Most of the aftermarket tracks like MaxTrax, TKO and Brad's Tracks are made of Sintra, which is expanded PVC. Ordinary PVC from Home Depot would probably not be the same thing. Sign shops often use Sintra, if you do not have a plastics supplier nearby there might be a sign shop with the right material in stock.

    Leave a comment:


  • HO RacePro
    replied
    I would not recommend using material thinner than 3/8 inch (10mm). Thinner than that the web of material under the slots will be too thin and weak.

    Don't pay the rip-off prices from HD (Home Depot?) If you go to a local plastics supply house you may find they have left-over 'scraps' that are wide and long enough for you to use, and might sell you for cheap. Even if you buy virgin material they will give you much better pricing.

    Those folks will also cut material you buy to your specification. Very convenient.

    Look for a place that ONLY sells plastic. They mainly sell to industry, but they are also happy to sell to private individuals. At least that has been my experience.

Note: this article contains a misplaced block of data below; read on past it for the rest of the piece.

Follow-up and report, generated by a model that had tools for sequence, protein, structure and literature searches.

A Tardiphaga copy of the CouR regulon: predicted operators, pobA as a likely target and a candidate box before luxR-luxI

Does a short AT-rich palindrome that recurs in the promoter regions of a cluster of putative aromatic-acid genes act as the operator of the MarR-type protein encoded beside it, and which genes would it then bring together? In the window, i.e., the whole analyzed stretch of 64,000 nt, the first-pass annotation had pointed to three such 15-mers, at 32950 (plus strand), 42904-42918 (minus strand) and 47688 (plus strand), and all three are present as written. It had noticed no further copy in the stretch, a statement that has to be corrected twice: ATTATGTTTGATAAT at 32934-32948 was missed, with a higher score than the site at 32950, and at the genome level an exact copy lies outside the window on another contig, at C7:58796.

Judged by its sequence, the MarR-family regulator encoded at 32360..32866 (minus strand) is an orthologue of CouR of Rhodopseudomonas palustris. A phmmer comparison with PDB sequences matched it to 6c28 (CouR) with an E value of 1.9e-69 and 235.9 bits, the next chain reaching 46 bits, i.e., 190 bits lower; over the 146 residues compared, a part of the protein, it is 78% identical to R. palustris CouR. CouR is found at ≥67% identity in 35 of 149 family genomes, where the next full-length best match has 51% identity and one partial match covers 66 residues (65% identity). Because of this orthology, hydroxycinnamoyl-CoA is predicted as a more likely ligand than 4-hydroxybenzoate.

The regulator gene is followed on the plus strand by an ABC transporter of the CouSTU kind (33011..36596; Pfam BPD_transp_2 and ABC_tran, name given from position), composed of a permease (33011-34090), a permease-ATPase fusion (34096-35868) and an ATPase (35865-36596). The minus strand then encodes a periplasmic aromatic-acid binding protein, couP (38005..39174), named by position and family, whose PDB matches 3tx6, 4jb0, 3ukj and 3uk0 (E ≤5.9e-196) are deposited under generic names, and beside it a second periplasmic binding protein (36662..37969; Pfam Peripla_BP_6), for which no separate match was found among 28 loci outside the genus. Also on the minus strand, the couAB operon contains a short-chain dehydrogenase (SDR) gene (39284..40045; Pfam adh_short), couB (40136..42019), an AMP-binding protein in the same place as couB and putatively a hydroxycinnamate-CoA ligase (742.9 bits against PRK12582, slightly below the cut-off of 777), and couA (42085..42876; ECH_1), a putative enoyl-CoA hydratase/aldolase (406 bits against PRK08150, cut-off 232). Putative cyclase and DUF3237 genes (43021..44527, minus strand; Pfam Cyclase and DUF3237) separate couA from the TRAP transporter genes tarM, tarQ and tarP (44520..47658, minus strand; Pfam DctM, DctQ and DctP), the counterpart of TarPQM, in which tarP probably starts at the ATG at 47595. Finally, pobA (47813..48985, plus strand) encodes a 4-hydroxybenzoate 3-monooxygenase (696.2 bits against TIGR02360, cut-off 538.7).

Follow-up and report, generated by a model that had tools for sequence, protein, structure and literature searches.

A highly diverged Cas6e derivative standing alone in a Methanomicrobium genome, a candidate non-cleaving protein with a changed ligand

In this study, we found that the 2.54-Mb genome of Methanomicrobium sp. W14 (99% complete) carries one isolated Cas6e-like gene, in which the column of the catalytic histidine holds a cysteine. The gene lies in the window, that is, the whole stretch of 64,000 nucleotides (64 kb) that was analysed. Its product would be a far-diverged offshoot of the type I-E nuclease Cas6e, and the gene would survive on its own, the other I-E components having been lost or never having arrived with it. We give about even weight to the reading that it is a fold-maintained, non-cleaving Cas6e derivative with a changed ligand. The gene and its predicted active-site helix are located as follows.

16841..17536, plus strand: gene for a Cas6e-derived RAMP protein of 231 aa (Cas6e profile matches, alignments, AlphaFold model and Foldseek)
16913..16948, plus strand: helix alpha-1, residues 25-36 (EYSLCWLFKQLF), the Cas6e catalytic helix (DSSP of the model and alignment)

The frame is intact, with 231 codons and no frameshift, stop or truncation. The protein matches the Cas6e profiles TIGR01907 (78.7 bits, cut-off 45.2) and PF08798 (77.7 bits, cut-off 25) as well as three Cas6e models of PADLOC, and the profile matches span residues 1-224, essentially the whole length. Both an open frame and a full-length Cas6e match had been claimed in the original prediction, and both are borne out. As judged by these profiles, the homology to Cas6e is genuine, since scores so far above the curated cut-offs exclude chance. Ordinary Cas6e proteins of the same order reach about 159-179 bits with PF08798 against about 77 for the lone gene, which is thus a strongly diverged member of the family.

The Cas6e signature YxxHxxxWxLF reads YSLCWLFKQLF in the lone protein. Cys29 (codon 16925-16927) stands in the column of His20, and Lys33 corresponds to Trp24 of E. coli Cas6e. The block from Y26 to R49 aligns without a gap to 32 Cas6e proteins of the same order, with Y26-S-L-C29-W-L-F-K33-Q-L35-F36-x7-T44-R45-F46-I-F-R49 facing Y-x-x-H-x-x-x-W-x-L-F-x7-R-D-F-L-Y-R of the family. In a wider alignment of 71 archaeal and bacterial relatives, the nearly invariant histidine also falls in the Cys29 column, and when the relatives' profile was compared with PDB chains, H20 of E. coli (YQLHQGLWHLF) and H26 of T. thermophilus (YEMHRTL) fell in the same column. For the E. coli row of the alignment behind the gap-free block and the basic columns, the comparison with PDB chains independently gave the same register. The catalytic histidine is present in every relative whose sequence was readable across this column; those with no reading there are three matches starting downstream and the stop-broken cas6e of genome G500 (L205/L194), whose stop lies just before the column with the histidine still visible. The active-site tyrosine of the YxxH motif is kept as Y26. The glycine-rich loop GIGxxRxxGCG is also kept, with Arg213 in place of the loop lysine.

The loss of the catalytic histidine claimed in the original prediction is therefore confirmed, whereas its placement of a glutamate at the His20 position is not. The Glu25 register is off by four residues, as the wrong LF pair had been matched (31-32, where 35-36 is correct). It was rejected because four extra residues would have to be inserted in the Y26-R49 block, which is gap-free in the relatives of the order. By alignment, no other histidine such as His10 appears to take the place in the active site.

There are different grades of plastic you can use. PVC (polyvinyl chloride) isn't the best material for routing because it can release small quantities of chlorine gas when it is cut. Like World War I gas-attack gas. You'll notice that it corrodes the surface of a steel router bit. Like I said, small quantities. Still, not the stuff you want to huff.

    The cheapest plastics will be polyethylene, polypropylene, and ABS (acrylonitrile butadiene styrene). I wouldn't recommend polyethylene and polypropylene for track material because they are inherently slippery. They are commonly used for milk bottles. They tend to be translucent, and do not take paint well. Not glue either. But they can be thermoformed and welded.

    ABS isn't commonly used for track material either, although I suppose it could be, especially if painted. It is a great material for things like retaining walls. It can be had in different colors, though most commonly it is available in white. It thermoforms easily, and can be both welded and glued.

    As far as MDF (Medium Density Fiberboard) goes, I have only had one customer who experienced water damage, because an overhead pipe leaked directly onto his track. He was able to repair it with some advice from me.